The play, which starts at 7 p.m., will be followed by Exposition, the Sacrament of Reconciliation (Confession) and Benediction.

There is no charge, but a free will offering is recommended.

For further details, please call Amy at 356-9458 or Kim at 547-9929.

Wednesday, September 15, 2010 at 4:53 pm

Knights of Columbus will host a Chicken BBQ at St. Mary's on Sunday

Our Lady Knights of Columbus invite you to a Chicken BBQ on Sunday at St. Mary's Church, 20 Ellicott St. in Batavia. It will start at 10:30 a.m. and continue until sold out.

Each individual dinner includes 1/2 chicken, macaroni salad, baked beans, a roll and butter. The proceeds will go toward local charities.

To purchase presale tickets, please call Mike at 343-3810.

Friday, September 10, 2010 at 3:12 pm

Local priest puts faith into action - in Peru

post by Daniel Crofts in batavia, Anglican Community Church, Churches, mission

Pictured above is a recent mission trip in which Catholics, Anglicans, Methodists and Non-Denominationalists helped out the residents of a small Peruvian village suffering from severe poverty.

This missionary group included Fr. Gus Calvo -- second from left in front -- the pastor of Batavia's Anglican Community Church (see January article on his first service).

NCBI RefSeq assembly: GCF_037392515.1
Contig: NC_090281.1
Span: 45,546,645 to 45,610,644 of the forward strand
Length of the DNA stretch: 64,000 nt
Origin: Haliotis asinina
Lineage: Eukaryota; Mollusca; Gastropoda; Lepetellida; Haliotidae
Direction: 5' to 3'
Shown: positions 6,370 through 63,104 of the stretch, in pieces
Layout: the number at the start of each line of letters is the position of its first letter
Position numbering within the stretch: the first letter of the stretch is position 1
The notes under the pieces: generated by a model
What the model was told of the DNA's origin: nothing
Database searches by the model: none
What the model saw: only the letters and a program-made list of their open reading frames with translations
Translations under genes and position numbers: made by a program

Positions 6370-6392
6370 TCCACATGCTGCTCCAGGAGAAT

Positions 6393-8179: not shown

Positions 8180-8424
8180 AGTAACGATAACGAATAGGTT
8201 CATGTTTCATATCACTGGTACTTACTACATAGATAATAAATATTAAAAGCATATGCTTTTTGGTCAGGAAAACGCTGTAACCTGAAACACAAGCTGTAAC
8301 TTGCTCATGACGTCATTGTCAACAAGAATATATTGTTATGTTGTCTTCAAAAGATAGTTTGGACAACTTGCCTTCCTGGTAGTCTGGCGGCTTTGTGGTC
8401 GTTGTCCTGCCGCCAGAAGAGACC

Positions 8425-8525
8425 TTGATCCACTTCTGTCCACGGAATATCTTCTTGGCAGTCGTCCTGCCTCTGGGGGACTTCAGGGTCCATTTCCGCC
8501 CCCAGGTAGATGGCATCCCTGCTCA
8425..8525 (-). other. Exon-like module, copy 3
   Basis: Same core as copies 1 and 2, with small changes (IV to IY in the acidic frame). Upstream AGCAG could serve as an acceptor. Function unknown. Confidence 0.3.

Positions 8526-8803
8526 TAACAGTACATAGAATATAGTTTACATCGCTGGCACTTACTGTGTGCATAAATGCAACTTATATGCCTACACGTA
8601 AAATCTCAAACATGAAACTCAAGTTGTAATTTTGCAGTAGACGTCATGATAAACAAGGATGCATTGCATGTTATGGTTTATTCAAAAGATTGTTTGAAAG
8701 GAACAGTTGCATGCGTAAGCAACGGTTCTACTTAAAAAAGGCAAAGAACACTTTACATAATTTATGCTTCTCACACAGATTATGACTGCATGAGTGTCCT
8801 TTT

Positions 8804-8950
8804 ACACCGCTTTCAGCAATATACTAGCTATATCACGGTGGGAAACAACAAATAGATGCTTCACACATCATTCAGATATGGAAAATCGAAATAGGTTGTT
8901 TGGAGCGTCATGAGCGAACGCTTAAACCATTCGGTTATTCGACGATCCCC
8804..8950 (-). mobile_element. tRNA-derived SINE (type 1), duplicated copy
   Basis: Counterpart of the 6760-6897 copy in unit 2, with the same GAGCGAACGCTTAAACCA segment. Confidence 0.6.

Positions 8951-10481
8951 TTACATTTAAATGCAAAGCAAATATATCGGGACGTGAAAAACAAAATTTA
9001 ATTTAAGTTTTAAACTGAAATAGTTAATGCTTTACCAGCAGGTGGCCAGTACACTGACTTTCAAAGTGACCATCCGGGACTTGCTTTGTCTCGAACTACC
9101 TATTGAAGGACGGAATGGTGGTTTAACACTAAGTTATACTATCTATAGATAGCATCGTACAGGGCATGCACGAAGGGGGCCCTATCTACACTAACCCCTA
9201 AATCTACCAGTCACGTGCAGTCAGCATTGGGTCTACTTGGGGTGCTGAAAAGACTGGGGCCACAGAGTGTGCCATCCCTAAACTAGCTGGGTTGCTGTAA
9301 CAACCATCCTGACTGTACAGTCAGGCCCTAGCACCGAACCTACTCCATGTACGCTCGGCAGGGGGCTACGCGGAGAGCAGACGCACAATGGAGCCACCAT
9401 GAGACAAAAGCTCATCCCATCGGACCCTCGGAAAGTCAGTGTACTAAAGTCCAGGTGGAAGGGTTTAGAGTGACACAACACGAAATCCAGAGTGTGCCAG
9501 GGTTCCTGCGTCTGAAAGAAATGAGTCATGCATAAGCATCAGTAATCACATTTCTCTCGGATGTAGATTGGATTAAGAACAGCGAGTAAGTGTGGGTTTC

Having recently returned from this trip, Calvo was happy to share the experience with The Batavian and extend information about the program to anyone in the area who might be interested in next year's trip.

Calvo has been going on these missionary trips -- most of which last about 12 to 14 days -- on an annual basis for the past seven years. It all started when he was working in Honduras under the supervision of another missionary leader.

"My friend and ministry colleague Jeff Miller and I met in Honduras," Calvo said. "Our leader later left that area, so we got together and decided to put together a team each year for mission trips."

They then contacted SAMS -- the Society of Anglican Missionaries and Senders -- an organization that sponsors various projects in needful areas. All of the missions Calvo has been involved in these last seven years have been acquired through them.

Friday, September 10, 2010 at 1:35 pm

2K Memory Walk for victims of Alzheimer's

post by Daniel Crofts in announcements, batavia, Alzheimer's, walk

The Alzheimer's Association will be hosting a "Memory Walk" in Batavia on Saturday, Sept. 11. It will begin at the Genesee County Nursing Home, at 278 Bank St., and proceed along Chandler Avenue, North, Bank and Ross streets, and Washington Avenue.

Anyone who wants to take part can show up the morning of the walk for registration, which begins at 9 a.m. The walk itself will start at 10 a.m. and cover about two miles. Brunch, entertainment from Pete Gomez and a Chinese auction -- with gift certificates and  prizes donated by area businesses -- will follow in the nursing home dining room.

Walkers will be raising money via sponors for the benefit of Genesee County residents coping with Alzheimer's Disease. People are encouraged to raise all funds by Saturday, but funds will be accepted until October 29.

For further details or to register in advance, please call (716) 626-0600 or go to www.memorywalkwny.com. If you would like to donate items to the Chinese auction, call Sue Buckley at 344-0584, ext. 2116.